“Last Address” was launched in Perm in February 2014.[15] The first four plaques were installed on 10 August 2015. The project founder Serguei Parkhomenko came from Moscow to Perm; in an interview to Zvezda magazine he talked about the ways to launch an initiative group, what the cases of the repressed were telling us and whether it was necessary or advisable to install signs commemorating the organizers of repressions.

The first village with a “Last Address” sign was the village Kupros of Yusvinsky District, Komi-Permyak Okrug. The memorial sign was installed on 11 August 2015 on the façade of the house that was the last residential address of peasant Valentin Startsev, declared by investigators “an active participant of the liquidated counterrevolutionary insurgent organization.” Investigators claimed that Startsev was “conducting counterrevolutionary defeatist agitation among kolkhoz members, trying to prove the inevitability of the fall of Soviet power,” “praising the old Tsarist regime and proving unprofitability of kolkhozes”; as a result, he was sentenced to capital punishment in the form of execution by a firing squad.

In Taganrog[edit]

The first commemorative sign in Taganrog was installed on 31 May 2015. The ceremony was attended by project founder Serguei Parkhomenko, the deputy of Oblast Duma Oleg Kobyakov, president of the Council of the regional branch of the Russian National Society for the Preservation of Historical and Cultural Monuments Alexander Kozhin, residents of neighboring houses and numerous journalists.

Installing memorial signs in other countries[edit]

The first country outside Russia became Ukraine, where a separate project "Остання адреса – Україна" based on Russian "Last address" started working.[16] On 5 May 2017 the first three commemorative plaques were installed on three houses in Kyiv.

On 7 June 2017, on the day of political prisoners, signs of the Last address appeared on the facades of four houses in Prague.[17][18][19]

On 2 August 2018, the Ultima adresa project was launched in Moldova:[20][21] the first two plates of the “Last Address” appeared in Chișinău.[22]

On 5 October 2018, the Georgian project "უკანასკნელი მისამართი. საქართველო", "Last Address, Georgia" officially started.[23][24][25]

On 30 August 2019, the first commemorative plaque appeared in Germany, in the Thuringian city of Treffurt.[26][27]


  1. ^ "Posledniy adres" website (in Russian)
  2. ^ "'Last Address' Project Aims To Honor Victims Of Soviet Repression". Radio Liberty. 26 November 2014.
  3. ^ «Последние адреса» репрессированных: москвичам напомнят об их истории // «Москва 24» (in Russian)
  4. ^ a b Мемориальный проект «Последний адрес» (in Russian)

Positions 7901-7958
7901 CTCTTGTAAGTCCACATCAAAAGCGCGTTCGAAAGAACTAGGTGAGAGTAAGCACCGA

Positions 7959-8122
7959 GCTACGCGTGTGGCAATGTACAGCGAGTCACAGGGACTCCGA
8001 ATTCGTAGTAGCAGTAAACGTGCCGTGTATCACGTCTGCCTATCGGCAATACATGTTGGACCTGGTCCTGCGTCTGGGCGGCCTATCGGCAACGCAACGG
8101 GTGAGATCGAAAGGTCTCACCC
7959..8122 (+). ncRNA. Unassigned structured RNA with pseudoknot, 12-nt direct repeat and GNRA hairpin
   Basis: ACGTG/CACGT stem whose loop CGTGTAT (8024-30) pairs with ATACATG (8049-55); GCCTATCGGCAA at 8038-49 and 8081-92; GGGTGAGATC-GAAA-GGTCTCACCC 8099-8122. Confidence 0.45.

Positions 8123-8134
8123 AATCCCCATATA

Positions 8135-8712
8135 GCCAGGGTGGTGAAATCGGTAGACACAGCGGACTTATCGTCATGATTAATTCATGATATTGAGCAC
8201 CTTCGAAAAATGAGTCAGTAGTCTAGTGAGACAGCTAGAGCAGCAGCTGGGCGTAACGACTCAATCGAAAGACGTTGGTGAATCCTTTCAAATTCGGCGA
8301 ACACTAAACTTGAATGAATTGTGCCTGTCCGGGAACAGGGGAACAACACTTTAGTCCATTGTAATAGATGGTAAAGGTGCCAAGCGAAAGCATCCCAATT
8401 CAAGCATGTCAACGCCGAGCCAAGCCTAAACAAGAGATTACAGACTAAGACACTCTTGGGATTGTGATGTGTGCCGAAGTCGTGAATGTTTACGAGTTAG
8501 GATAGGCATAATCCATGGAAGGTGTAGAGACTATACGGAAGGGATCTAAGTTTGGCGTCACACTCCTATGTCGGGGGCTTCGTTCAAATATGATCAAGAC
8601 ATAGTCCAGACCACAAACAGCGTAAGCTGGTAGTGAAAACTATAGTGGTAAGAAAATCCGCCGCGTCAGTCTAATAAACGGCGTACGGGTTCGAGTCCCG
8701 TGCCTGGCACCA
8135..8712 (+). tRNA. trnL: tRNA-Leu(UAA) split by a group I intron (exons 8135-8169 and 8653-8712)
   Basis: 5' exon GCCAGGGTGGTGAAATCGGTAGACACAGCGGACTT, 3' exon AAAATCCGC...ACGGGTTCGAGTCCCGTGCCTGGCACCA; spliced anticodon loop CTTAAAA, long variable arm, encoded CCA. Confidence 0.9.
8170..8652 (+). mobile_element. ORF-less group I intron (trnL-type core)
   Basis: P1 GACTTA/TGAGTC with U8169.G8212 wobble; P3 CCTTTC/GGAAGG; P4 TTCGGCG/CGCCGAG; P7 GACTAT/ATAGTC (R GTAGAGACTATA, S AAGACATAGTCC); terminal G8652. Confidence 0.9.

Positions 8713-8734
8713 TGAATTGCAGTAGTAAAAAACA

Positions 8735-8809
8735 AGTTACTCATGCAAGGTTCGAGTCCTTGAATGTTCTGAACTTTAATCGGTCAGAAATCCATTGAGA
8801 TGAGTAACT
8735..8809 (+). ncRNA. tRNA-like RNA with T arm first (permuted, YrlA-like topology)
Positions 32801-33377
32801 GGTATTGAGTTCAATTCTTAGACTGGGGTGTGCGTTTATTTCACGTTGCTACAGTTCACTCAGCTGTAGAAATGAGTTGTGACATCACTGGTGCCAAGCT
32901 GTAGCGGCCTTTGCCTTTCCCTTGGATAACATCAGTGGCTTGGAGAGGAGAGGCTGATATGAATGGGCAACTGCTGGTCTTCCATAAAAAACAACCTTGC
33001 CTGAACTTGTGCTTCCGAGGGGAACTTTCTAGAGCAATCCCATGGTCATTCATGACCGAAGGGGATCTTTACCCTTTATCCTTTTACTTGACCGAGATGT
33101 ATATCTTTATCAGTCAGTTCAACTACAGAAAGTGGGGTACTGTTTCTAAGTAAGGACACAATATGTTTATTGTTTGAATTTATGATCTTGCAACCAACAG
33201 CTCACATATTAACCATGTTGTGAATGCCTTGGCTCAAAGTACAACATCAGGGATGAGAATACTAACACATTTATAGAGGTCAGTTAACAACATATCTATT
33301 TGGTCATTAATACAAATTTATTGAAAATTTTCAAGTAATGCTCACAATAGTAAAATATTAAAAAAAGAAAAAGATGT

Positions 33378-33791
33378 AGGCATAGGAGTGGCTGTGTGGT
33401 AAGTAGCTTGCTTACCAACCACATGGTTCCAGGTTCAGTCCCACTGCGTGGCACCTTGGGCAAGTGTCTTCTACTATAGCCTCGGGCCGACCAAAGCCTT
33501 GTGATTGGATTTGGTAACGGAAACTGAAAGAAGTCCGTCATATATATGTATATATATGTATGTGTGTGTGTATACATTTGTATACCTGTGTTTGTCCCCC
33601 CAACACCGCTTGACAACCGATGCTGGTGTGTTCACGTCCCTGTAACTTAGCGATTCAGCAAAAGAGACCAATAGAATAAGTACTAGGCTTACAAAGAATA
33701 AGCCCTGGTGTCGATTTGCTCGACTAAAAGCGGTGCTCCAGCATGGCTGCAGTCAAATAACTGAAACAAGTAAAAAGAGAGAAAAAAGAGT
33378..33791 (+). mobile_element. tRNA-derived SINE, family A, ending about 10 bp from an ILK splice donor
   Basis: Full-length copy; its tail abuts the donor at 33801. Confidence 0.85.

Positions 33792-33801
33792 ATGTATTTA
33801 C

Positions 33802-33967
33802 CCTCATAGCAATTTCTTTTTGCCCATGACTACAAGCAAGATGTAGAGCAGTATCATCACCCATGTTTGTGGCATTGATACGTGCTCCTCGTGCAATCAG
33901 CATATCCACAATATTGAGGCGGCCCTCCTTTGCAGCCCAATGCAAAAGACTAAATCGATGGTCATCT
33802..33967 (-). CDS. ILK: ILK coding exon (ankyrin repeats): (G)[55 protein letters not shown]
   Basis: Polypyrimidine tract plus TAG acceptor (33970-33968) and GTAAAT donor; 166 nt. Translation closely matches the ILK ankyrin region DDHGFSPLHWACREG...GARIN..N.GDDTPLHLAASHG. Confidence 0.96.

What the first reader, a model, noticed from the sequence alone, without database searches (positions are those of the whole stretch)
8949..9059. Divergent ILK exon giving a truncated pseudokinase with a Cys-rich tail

5. ^ "Humble Memorials for Stalin's Victims in Moscow". New Yorker. 13 December 2014.
  6. ^ "I put up plaques for victims of Soviet repression". Financial Times. 28 August 2015.
  7. ^ a b c "Последний адрес: имена жертв репрессий на стенах московских домов",, Russian edition (in Russian)
  8. ^ Sergey Parkhomenko (7 March 2018). "Russia has yet to recover from the trauma of the Stalin era". The Guardian.
  9. ^ "Russian Project Honors Stalin's Victims and Stirs Talk on Brutal Past". The New York Times. 20 September 2015.
  10. ^ Verleihung des Karl-Wilhelm-Fricke-Preises 2018 // Die Stiftung, 15 June 2018 (in German)
  11. ^ Проект о жертвах репрессий "Последний адрес" получил немецкую премию // Radio Liberty, 15 June 2018 (in Russian)
  12. ^ "Последний адрес: Тысячная табличка в России (часть 1)" (in Russian). 13 February 2020.
  13. ^ See for example a story of a sign installation: Last Address: Nikolai Yushkevich (Russian Reader, 9 May 2018).
  14. ^ Живые с мертвыми. Для бога мертвых нет. // Novaya Gazeta, 22 March 2015. (in Russian)
  15. ^ Памятники обычным людям. В Перми стартовал проект «Последний адрес», Arguments and Facts Prikamye, 3 February 2015 (in Russian)
  16. ^ "Last Address: A Civic Initiative to Commemorate Victims of Soviet Repressions". Free Russia. 10 June 2018.
  17. ^ Poslední adresa (in Czech)
  18. ^ Last Address project marking communism victims launched in Prague // Prague Daily Monitor, 28 June 2017.
  19. ^ "Last Address" project commemorates victims who were executed or whose deaths were hastened by Communist regime // Radio Prague, 27 June 2017.
  20. ^ "Ultima Adresă" (in Romanian). Archived from the original on 10 October 2018.
  21. ^ "Proiectul "Ultima adresă" a victimelor represiunilor politice staliniste va fi lansat la Chișinău" (in Romanian).
  22. ^ "В Молдове начинает работу проект "Ultima Adresa"" (in Russian). Ava. 1 August 2018.
  23. ^ ერთი სახელი, ერთი სიცოცხლე, ერთი ნიშანი (in Georgian)
  24. ^ В Тбилиси «Последний адрес» впервые установил мемориальный знак жертве политических репрессий // Новости-Грузия, 6 October 2018
  25. ^ "უკანასკნელი მისამართი - თბილისში რეპრესიების მსხვერპლთა ხსოვნის დაფები გაჩნდება" (in Georgian).
  26. ^ "German victims of Stalinism get recognition with Last Address initiative". Deutsche Welle. 3 September 2019.
  27. ^ "Gedenktafel erinnert an Unrecht durch Militärtribunal". Thüringer Allgemeine (in German). 18 September 2019.

External links[edit]